jump to navigation

USPS Star Calendar for 17-23 March 10 March 2013

Posted by amedalen in March 2013.
Tags: , , , , , , , , , , ,
trackback

17 Mar    The waxing crescent moon lies between magnitude -2.2 Jupiter, less than 1 finger-width to the upper right, and magnitude 1.1 Aldebaran, less than 2 finger-widths to the lower left.

18 Mar    The moon is midway between magnitude 0.2 Capella, 2½ fist-widths to the upper right, and magnitude 0.3 Rigel, to the lower left. Several other bright first-magnitude stars are nearby tonight: magnitude 0.6 Betelgeuse 1½ fist-widths to the left, magnitude 1.1 Aldebaran 1 fist-width below, magnitude 0.5 Procyon 3½ fist-widths to the upper left.

19 Mar    The first-quarter moon is at apogee, 63.38 earth-radii or 404,000 kilometers away.

20 Mar    The vernal equinox occurs at 1102 UT as the sun crosses the celestial equator, headed north, marking the first day of spring for the northern hemisphere, when day and night are approximately equal all over the world. “Equinox” comes to us from the Latin, meaning “equal night.” The precise date of equal day and night depends on your location, however. If you are at 60 degrees north latitude, day and night are equal on 18 March. If you are between 40 and 55 degrees north latitude, your date is 17 March. Between 30 and 35 degrees, it’s 16 March. The date becomes earlier the closer you are to the equator.

21 Mar    High in the south at dusk, Orion is far to the waxing gibbous moon’s lower right, while the Gemini Twins are to the upper left and Procyon is to the lower left. The Big Dipper stands on its handle high in the northwest.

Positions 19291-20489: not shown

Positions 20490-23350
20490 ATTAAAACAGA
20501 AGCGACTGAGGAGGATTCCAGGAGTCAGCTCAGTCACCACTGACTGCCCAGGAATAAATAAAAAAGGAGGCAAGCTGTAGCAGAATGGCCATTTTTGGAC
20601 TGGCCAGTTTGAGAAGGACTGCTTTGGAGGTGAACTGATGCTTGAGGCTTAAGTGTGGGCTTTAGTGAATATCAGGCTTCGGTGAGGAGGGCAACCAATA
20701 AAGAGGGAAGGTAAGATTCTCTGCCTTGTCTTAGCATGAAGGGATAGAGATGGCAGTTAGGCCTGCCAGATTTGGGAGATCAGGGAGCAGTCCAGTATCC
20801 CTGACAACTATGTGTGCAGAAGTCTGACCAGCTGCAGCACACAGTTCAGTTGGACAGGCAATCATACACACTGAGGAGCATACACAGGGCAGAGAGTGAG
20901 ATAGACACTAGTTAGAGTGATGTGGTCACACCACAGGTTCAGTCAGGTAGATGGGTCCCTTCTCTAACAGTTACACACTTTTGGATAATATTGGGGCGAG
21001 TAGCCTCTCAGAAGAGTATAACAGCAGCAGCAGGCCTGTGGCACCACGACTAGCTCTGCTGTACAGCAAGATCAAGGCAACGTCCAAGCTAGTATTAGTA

22 Mar    The moon hangs high in the south as the sky darkens this evening. Procyon is 1 fist-width to the lower left, and the Gemini Twins are the same distance above. Far to the lower left, Regulus is the brightest object in that area of sky.

23 Mar    Rising 3½ hours before sunset, the moon is high in the southeast at dusk. Regulus is 4 finger-widths to the left, and the Big Dipper stands on its handle to the far left. As evening passes, the Big Dipper rotates counter-clockwise and is upside-down, high in the north at midnight.

Advertisements

Comments»

No comments yet — be the first.

Leave a Reply

Fill in your details below or click an icon to log in:

WordPress.com Logo

You are commenting using your WordPress.com account. Log Out /  Change )

Google photo

You are commenting using your Google account. Log Out /  Change )

Twitter picture

You are commenting using your Twitter account. Log Out /  Change )

Facebook photo

You are commenting using your Facebook account. Log Out /  Change )

Connecting to %s

%d bloggers like this: